more prone to destruction by raindrop action and erosion. They are carried away

by run-off or wind action, or remain in situ, clogging the remaining soil pores in

the surface layer, a phenomenon known as capping (Marshall et al., 1996). Organic

farming standards encourage the use of cover crops to minimize nutrient losses

and soil erosion (EC, 1991; UKROFS, 2001). In compacted soils there is a greater

risk of retarded mineralization caused by hypoxia, inhibition of soil fauna, injury

to root growth and function, and accumulation of CO2, ethylene, and organic acids

(Hansen, 1996; Rendig and Taylor, 1989).

Where soil structural problems exist, root crops should perhaps be avoided, or

at least harvested early (or perhaps by hand in more intensive systems), allowing

the establishment of a green manure to minimize soil erosion, nitrate leaching, and

adding SOM (Lampkin, 1990).


Weeds are often regarded as the main problem for organic farmers (Leake, 1996;

Swisher et al., 1994). Weed populations can increase during conversion to organic

production (Albrecht and Sommer, 1998), although these can stabilize over

time, with appropriate organic husbandry (Davies et al., 1997). Weeds can make

cultivation and harvest operations difficult or impossible, and they compete with

the crop for resources. They may be parasitic on crop plants and can be poisonous

to livestock. Weeds may also act as hosts for pests and diseases during crop

growth and act as a bridge for pests and diseases to the following crop (Gwynne

and Murray, 1985). However, weeds also have positive roles that are recognized

in organic agricultural systems; elimination of all weeds should not, therefore, be

the goal of weed control in organic systems (Lampkin, 1990). Weeds can supply

ground cover to an otherwise bare soil, reducing the risk of erosion, leaching, and

soil crusting. The additional roots in the soil contribute to biological activity and


ROBSON et al.

soil structure. Weed species increase the plant diversity within the cropping system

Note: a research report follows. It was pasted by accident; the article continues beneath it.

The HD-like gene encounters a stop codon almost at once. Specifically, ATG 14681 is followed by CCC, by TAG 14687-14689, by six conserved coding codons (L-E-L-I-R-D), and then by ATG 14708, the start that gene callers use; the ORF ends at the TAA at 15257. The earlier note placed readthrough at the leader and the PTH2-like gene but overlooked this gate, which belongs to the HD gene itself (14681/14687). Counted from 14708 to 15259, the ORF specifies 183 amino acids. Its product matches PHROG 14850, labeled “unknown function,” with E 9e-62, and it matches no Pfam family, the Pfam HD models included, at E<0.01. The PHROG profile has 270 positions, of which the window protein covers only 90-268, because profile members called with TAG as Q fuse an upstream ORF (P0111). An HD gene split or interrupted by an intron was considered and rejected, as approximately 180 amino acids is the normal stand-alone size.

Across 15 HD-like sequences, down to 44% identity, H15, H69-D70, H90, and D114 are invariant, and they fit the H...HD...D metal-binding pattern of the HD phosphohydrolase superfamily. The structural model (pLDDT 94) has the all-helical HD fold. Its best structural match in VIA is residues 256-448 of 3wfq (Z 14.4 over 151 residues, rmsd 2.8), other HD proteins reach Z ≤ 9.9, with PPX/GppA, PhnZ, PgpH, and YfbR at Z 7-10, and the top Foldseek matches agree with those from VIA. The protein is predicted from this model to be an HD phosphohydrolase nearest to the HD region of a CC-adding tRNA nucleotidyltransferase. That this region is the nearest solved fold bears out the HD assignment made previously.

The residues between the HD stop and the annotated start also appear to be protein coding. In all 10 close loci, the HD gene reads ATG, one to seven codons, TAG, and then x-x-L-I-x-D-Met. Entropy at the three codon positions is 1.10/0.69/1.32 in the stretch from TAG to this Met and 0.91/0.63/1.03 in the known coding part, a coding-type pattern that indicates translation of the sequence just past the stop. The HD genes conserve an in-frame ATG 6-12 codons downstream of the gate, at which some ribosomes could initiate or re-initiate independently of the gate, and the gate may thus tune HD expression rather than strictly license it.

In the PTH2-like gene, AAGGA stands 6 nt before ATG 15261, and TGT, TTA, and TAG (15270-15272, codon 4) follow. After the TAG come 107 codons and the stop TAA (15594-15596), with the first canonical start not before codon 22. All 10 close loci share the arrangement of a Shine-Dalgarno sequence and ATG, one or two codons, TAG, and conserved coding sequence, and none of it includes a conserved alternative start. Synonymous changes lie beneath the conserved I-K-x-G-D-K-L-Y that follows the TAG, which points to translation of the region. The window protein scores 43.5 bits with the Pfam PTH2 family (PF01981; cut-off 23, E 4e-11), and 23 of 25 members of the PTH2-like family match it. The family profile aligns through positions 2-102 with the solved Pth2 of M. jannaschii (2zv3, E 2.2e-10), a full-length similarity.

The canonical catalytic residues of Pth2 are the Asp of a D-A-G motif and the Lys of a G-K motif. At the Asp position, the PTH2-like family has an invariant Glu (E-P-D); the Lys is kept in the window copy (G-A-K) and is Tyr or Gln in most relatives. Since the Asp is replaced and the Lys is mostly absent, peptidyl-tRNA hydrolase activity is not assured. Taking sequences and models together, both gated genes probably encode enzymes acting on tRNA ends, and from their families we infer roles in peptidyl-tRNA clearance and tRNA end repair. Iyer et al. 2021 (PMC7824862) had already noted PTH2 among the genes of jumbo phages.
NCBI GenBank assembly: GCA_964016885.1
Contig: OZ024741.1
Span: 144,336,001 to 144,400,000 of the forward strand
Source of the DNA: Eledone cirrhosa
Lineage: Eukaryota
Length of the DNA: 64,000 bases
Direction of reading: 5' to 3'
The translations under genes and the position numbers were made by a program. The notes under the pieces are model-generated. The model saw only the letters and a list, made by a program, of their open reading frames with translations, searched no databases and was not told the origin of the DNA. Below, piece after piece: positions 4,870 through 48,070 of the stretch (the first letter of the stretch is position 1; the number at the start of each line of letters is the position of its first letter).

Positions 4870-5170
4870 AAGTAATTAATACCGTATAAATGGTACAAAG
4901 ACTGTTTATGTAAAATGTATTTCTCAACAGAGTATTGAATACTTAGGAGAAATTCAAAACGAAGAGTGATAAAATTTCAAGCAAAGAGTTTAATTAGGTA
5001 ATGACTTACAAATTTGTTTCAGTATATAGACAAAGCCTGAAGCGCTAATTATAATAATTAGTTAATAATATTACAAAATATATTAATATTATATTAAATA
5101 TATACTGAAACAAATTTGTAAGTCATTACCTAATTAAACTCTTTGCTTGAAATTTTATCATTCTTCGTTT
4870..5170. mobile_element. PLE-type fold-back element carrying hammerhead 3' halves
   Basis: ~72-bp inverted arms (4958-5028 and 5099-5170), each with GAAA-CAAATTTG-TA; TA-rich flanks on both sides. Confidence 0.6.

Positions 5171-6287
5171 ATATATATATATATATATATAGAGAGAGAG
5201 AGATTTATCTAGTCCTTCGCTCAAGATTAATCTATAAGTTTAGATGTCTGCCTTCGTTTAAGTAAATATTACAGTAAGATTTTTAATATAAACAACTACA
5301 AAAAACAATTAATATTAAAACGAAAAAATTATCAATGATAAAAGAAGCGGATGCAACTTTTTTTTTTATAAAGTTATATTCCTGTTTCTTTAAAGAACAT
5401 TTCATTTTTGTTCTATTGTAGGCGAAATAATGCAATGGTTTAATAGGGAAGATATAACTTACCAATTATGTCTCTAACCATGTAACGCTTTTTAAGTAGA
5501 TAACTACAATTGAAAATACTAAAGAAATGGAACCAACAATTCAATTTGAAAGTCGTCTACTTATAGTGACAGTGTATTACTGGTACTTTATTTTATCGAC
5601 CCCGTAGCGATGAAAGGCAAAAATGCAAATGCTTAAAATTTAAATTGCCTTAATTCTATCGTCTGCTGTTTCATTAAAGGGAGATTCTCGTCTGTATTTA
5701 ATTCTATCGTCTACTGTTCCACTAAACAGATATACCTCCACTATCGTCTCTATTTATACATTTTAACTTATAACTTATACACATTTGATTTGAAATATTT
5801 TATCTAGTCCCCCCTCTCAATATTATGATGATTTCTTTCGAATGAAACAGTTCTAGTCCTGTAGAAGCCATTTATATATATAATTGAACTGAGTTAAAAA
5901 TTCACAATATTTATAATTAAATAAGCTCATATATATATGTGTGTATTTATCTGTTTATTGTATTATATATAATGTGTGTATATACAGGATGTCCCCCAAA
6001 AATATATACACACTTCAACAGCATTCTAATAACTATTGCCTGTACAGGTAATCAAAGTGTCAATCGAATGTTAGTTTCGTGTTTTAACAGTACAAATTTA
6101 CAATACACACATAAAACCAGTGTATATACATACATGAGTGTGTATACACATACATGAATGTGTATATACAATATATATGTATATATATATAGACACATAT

and provide habitats for a wider range of insects and other invertebrates. Weeds

can also act as a reservoir for beneficial mycorrhizal fungi, which naturally occur

on most crop species (Atkinson et al., 2001). Plant roots infected with mycorrhizal

fungi have been shown to take up more soil nutrients and have greater resistance

to root pathogens (AzconAguilar and Barea, 1996). Weed control strategies can

be successfully targeted toward key problem species, such as couchgrass (Elymus

repens) or dock (Rumex spp.), and key growth periods (Bond et al., 1998; Welsh

et al., 1997) in order to minimize the impact of weeds on crop yield and quality.

The main weed control strategies used in organic farming often combine cultural

or husbandry techniques with direct mechanical and thermal methods (Lampkin,

1990; Stockdale et al., 2001). In conventional farming systems, total weed control

is often the aim. However, in organic systems, farmers aim to maintain weeds at a

manageable level using cultural means in order to ensure that direct weed control

measures are effective in preventing the loss of crop quality or farm profitability.

Husbandry practices include adjustment of soil conditions (e.g., by irrigation), various cultivation techniques, use of stale seedbeds, diverse crop rotations, preplant

mulches for high value crops, and use of cultivars particularly suited for organic

production. Mechanical and thermal intervention includes ridging-up in potatoes,

inter-row cultivation in root crops and cereals, postemergence harrowing to control

weeds in cereal crops, and heat treatment of weeds (infra-red or direct flaming)

prior to crop emergence and in between rows.

Weed control through crop rotation is more likely to be successful when the

growth habit and characteristics of the crop contrast with those of the previous

crop and the predominant problem weeds. Ideally the sequence of crops within

a rotation allows for the use of a range of different cultivation methods and soil

treatments. This should ensure that each weed association meets with competition,

or that its life cycle is disturbed (Klingman, 1961). The design and management

of an efficient crop rotation for weed control are complex, because a practice

that controls one weed may be ineffective or even encourage another species.

Diverse crop rotations are effective in reducing weed seedbank numbers and preventing highly adapted weeds such as blackgrass, wild oats, and volunteer crops

from becoming dominant (Karlen et al.,1994; Lampkin, 1990). These rotations


r alternate between autumn and spring germinating crops (and their respective

weed compliments).

r alternate between annual and perennial crops (e.g., cereals and leys).

r alternate between closed, dense crops which shade out weeds (e.g., field beans

or rye) and open crops such as maize which encourage weeds.

r provide a variety of cultivations and cutting/topping operations (in particular,

the traditional cleaning crops, leys, and green manures).

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II. Crop Rotations as the Central Management Tool in Organic Farming